Paul Goble Staunton, March 8 – Vladimir Putin based his invasion and annexation of Ukraine’s Crimea on the notion that Soviet leader Nikita Khrushchev illegally handed over the peninsula from the RSFSR to the Ukrainian SSR in 1954 and that all the current Russian leader has been doing is rectifying that historical injustice. That argument repeated over and over again by Russian media has played a key role in the “Crimea is Ours” movement among Russians; and its potency makes a report this week about another Khrushchevian action, this time involving handing over Russian territory to Belarus in 1964 potentially important. Shortly before he was ousted from power in that year, Khrushchev agreed to transfer seven villages from Russia to Belarus. The action was so late during his rule that it took final form only after he was gone when Anastas Mikoyan signed the decree on November 17, 1964 (charter97.org/ru/news/2017/3/7/243076/). The Charter97 portal embeds a seven-minute television program produced by the Belarusian Service of Radio Liberty about the residents of these seven isolated and impoverished villages, some of whom have changed their national identity with the change in borders and others of whom have not. On the one hand, such transfers of territory among union republics were no rarity in Soviet times: they happened more than 200 times with lines shifting to reflect economic and political needs. (For a listing of the more important of these, see my “Can Republic Borders Be Changed?” RFE/RL Report on the USSR, September 28, 1990.) But on the other hand, given the increasing salience of borders in Russian thinking and Putin’s willingness to exploit perceived slights against Russia by Soviet leaders like Khrushchev, any such attention raises the possibility that these seven villages could be a flashpoint in Russian-Belarusian relations – and even a Belarusian variant of Crimea.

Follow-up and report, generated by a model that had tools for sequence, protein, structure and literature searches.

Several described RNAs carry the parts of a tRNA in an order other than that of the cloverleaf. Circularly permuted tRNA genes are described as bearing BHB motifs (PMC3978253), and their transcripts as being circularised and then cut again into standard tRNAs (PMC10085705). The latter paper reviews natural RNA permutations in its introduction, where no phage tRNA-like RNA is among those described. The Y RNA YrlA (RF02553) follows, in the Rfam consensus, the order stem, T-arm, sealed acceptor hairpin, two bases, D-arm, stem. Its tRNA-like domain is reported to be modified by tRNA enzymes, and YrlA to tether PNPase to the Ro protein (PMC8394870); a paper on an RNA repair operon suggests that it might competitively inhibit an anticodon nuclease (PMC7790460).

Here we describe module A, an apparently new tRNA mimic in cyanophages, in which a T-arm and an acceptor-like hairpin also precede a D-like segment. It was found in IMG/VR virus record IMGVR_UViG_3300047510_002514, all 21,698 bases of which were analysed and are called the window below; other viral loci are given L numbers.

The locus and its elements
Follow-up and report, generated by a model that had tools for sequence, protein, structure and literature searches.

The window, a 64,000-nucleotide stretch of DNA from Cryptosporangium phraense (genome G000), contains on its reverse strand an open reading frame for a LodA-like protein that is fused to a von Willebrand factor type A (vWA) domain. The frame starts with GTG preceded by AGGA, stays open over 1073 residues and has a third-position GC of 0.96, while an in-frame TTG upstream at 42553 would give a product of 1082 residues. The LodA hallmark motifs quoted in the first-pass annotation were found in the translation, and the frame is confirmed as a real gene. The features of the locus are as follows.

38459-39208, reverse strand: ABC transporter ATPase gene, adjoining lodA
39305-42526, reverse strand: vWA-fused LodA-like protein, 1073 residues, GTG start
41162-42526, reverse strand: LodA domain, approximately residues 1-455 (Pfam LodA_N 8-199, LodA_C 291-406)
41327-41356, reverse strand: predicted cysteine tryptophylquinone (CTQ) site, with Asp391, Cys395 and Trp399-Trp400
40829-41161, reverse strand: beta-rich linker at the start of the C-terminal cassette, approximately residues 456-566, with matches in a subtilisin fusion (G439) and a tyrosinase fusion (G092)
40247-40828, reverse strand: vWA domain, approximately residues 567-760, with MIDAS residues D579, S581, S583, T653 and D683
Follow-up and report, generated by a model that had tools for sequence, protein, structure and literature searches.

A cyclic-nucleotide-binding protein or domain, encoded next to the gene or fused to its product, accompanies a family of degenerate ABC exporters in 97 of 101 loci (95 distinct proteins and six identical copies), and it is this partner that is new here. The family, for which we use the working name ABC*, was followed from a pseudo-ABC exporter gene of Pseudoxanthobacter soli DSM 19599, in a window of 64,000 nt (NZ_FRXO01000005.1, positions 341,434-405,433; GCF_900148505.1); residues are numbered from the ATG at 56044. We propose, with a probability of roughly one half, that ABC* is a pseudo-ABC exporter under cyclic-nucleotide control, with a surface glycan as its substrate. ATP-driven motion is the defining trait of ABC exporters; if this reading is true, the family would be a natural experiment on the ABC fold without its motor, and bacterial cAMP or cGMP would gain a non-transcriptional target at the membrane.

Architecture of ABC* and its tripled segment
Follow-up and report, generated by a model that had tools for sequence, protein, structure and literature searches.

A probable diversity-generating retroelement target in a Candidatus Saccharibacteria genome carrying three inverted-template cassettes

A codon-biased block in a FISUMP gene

The authorities didn’t expect such level of organization at the Marches against the “social parasites” decree.
The rule of vertukhais* in Belarus is coming to an end. The Belarusian Television showed a propagandistic movie dedicated to the Outraged Belarusians’ Marches yesterday. One of the leaders of the Belarusian National Congress Mikalai Statkevich, leaders of the “European Belarus” civil campaign Andrei Sannikov, Dzmitry Bandarenka, Yauhen Afnahel, Maxim Viniarski, and the charter97.org Editor-in-Chief Natallia Radzina were named as organizers of the protest actions. The Charter97.org has addressed to one of the characters of the “movie” Dzmitry Bandarenka for a comment: